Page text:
Tall-necked amphora with polychrome decoration - 910.2.53_1


Tall-necked amphora with polychrome decoration

Medium:Ceramic (earthenware painted after firing)
Geography: Probably from Deir el-Medina, Egypt
Date: c. 1550-1069 BC
Period: Late 18th to 19th Dynasty, New Kingdom
29.8 x 19 cm
Object number: 910.2.53
Not on view

Amphora with globular body, disc base, and two opposing horizontally placed handles rising from the shoulder. There is a tall neck with an everted angular rim. The decoration of the vessel, of which only traces remain, was added after the vessel was fired. Numerous jars of this sort with post-firing decoration have been found at the site of Deir el Medina in Thebes. They seem to have been used to serve wine at funerary banquets and then may have been placed inside the tomb. Since they were only intended to be used once, it did not matter so much that the decoration was not permanently affixed to the vessel.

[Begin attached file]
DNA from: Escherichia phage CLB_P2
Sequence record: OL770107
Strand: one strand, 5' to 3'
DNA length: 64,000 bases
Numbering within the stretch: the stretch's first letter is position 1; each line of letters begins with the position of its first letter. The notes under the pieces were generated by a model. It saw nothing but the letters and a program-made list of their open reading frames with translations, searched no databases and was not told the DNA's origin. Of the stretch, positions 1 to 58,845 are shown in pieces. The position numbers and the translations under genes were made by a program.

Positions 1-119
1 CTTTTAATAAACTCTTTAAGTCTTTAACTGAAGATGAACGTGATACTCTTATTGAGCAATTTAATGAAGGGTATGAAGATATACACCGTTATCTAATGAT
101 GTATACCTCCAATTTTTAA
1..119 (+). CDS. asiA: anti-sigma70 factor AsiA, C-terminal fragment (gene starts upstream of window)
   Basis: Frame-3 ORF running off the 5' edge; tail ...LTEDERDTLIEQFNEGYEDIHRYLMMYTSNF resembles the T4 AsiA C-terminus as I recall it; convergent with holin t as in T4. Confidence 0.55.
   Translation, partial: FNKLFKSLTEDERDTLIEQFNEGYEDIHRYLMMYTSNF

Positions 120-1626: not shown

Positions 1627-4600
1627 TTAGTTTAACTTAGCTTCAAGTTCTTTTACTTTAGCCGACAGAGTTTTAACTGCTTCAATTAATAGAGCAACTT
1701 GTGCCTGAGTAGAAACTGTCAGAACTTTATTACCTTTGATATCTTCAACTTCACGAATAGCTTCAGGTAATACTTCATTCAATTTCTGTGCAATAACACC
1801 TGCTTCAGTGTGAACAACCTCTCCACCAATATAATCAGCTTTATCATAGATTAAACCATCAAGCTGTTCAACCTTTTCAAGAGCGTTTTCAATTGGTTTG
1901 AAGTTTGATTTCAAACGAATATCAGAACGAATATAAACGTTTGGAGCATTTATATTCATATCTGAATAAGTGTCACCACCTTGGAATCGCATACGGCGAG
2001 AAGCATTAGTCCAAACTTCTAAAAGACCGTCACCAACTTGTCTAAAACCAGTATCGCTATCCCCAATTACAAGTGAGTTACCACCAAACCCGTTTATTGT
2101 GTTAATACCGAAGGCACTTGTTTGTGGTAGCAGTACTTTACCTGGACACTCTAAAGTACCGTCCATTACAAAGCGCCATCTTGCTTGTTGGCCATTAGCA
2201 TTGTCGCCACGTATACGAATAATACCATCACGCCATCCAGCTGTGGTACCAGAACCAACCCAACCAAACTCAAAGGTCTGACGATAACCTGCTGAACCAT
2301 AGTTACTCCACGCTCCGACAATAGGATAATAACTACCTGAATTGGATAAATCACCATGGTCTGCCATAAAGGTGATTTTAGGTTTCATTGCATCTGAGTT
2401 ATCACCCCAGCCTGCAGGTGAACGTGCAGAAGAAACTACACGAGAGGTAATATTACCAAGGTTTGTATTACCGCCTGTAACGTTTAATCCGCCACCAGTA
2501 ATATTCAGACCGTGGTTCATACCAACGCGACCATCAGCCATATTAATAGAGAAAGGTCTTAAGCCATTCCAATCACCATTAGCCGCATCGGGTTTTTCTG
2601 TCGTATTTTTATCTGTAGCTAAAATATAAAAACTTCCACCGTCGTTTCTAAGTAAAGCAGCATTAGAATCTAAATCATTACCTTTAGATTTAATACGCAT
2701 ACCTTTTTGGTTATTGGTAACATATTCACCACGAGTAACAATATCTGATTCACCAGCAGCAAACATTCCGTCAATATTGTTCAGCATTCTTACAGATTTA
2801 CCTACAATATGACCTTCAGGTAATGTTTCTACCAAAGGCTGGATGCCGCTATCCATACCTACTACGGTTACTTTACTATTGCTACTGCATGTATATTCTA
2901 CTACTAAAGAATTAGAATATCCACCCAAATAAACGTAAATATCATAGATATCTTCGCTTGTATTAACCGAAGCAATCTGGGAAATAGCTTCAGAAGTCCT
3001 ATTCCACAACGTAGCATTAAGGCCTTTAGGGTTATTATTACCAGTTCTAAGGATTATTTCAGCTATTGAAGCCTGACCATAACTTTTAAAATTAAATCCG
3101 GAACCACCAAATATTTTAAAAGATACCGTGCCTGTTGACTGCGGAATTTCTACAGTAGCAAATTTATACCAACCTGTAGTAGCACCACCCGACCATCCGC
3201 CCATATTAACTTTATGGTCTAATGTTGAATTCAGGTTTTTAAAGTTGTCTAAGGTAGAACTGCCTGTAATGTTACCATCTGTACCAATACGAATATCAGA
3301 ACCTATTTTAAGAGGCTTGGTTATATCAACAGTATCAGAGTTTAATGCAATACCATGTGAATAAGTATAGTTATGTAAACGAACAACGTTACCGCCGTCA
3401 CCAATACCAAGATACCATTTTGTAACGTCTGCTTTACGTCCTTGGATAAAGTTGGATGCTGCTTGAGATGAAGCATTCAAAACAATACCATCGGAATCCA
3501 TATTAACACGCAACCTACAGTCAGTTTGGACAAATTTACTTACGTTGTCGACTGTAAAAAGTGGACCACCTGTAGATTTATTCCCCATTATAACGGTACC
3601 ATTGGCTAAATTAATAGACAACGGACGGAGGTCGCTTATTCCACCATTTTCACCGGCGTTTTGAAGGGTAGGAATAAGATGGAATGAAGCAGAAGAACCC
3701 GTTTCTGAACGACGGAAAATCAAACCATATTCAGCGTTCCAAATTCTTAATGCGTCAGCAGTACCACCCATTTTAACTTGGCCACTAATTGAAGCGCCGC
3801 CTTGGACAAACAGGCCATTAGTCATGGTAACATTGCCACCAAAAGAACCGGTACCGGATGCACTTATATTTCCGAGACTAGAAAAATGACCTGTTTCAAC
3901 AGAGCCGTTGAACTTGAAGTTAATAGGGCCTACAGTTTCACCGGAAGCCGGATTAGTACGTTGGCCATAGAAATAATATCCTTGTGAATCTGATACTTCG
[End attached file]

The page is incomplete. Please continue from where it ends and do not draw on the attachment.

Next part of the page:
The surface of the amphora made of marl clay is coated with a thick cream burnished slip that has fired in pink patches near the base. On the body there are traces of a thick powdery blue substance. Most likely this was part of a floral collar painted as if hanging from the vessel’s neck. Alternating red and black stripes are still visible on one of the handles. Most likely similar stripes originally decorated the vessel’s neck as well.

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